https://futureoflife.org/wp-content/uploads/2015/11/miri_horizontal_1000px-e1447624329777.png 284 900 Rob Bensinger https://futureoflife.org/wp-content/uploads/2015/10/FLI_logo-1.png Rob Bensinger2017-12-06 12:48:122017-12-06 12:55:36MIRI's December 2017 Newsletter and Annual Fundraiser
Our annual fundraiser is live. Discussed in the fundraiser post:
- News — What MIRI’s researchers have been working on lately, and more.
- Goals — We plan to grow our research team 2x in 2018–2019. If we raise $850k this month, we think we can do that without dipping below a 1.5-year runway.
- Actual goals — A bigger-picture outline of what we think is the likeliest sequence of events that could lead to good global outcomes.
Our funding drive will be running until December 31st.
- New at IAFF: Reward Learning Summary; Reflective Oracles as a Solution to the Converse Lawvere Problem; Policy Selection Solves Most Problems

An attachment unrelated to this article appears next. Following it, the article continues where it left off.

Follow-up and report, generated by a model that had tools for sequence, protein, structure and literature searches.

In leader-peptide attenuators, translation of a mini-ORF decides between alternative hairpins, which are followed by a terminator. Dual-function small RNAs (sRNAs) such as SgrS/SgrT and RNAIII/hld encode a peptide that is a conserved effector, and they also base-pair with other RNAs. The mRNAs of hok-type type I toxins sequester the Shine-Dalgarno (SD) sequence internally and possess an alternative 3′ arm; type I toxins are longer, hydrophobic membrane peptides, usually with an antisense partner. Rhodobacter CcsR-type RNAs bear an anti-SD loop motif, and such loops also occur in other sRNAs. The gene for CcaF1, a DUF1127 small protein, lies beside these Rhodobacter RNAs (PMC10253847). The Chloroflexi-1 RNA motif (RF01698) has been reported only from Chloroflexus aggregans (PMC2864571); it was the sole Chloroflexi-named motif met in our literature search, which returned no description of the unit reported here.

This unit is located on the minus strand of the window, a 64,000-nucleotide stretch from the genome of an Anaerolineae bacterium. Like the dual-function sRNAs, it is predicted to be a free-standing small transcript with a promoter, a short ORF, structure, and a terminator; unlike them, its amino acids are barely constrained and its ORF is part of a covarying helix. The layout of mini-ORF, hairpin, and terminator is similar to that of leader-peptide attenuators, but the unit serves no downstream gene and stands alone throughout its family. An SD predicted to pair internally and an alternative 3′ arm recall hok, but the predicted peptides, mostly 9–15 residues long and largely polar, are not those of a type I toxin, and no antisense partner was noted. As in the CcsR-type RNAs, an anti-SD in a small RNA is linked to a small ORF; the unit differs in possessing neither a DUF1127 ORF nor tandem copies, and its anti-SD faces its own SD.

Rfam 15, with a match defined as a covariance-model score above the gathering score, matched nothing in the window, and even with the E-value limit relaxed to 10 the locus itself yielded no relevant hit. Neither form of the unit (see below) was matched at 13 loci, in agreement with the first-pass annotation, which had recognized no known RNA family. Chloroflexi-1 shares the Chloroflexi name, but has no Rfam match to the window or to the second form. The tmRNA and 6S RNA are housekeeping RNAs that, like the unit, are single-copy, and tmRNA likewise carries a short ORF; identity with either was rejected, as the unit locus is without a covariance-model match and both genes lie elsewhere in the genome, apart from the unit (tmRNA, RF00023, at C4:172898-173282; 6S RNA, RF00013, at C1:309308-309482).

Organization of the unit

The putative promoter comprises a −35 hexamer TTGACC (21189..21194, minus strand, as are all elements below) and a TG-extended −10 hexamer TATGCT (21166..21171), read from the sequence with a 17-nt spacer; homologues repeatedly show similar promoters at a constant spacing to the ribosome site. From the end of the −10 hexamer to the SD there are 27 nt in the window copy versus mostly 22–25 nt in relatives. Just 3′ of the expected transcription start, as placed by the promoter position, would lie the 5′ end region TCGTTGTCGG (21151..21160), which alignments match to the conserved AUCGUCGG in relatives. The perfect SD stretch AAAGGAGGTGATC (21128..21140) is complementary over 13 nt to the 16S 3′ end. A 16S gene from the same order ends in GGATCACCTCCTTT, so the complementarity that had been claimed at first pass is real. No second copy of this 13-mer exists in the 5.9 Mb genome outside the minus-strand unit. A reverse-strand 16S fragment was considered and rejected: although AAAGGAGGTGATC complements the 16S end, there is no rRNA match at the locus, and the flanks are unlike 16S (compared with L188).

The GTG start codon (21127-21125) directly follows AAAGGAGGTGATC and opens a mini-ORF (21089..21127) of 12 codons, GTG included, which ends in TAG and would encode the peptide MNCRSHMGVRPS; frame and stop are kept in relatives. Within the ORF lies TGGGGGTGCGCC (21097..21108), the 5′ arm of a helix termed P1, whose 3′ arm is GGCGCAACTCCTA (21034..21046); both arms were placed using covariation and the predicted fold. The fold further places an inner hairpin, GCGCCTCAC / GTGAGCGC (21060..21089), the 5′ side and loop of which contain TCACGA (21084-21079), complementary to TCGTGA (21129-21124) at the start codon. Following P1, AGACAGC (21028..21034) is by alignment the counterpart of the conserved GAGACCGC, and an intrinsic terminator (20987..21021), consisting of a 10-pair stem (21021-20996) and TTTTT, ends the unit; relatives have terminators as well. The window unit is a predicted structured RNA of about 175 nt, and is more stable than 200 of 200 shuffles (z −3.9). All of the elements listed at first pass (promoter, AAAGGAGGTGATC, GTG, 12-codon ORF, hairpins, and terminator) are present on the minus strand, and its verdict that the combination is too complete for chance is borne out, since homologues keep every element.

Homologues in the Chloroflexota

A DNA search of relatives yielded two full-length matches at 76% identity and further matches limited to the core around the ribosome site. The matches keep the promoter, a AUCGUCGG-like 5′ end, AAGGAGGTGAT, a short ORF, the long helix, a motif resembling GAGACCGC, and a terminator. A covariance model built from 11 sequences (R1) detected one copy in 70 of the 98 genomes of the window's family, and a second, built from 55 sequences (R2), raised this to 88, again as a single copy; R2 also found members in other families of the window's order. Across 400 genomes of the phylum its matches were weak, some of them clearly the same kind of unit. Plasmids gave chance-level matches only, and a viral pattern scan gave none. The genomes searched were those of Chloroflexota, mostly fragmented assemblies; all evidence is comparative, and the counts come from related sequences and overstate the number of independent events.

- We ran a workshop on Paul Christiano’s research agenda.
- We’ve hired the first members of our new engineering team, including math PhD Jesse Liptrap and former Quixey lead architect Nick Tarleton! If you’d like to join the team, apply here!
- I’m also happy to announce that Blake Borgeson has come on in an advisory role to help establish our engineering program. Blake is a Nature-published computational biologist who co-founded Recursion Pharmaceuticals, where he leads the biotech company’s machine learning work.
- “Security Mindset and Ordinary Paranoia”: a new dialogue from Eliezer Yudkowsky. See also part 2.
- The Open Philanthropy Project has awarded MIRI a three-year, $3.75 million grant!
- We received $48,132 in donations during Facebook’s Giving Tuesday event, of which $11,371 — from speedy donors who made the event’s 85-second cutoff! — will be matched by the Bill and Melinda Gates Foundation.
- MIRI Staff Writer Matthew Graves has published an article in Skeptic magazine: “Why We Should Be Concerned About Artificial Superintelligence.”
- Yudkowsky’s new book Inadequate Equilibria is out! See other recent discussion of modest epistemology and inadequacy analysis by Scott Aaronson, Robin Hanson, Abram Demski, Gregory Lewis, and Scott Alexander.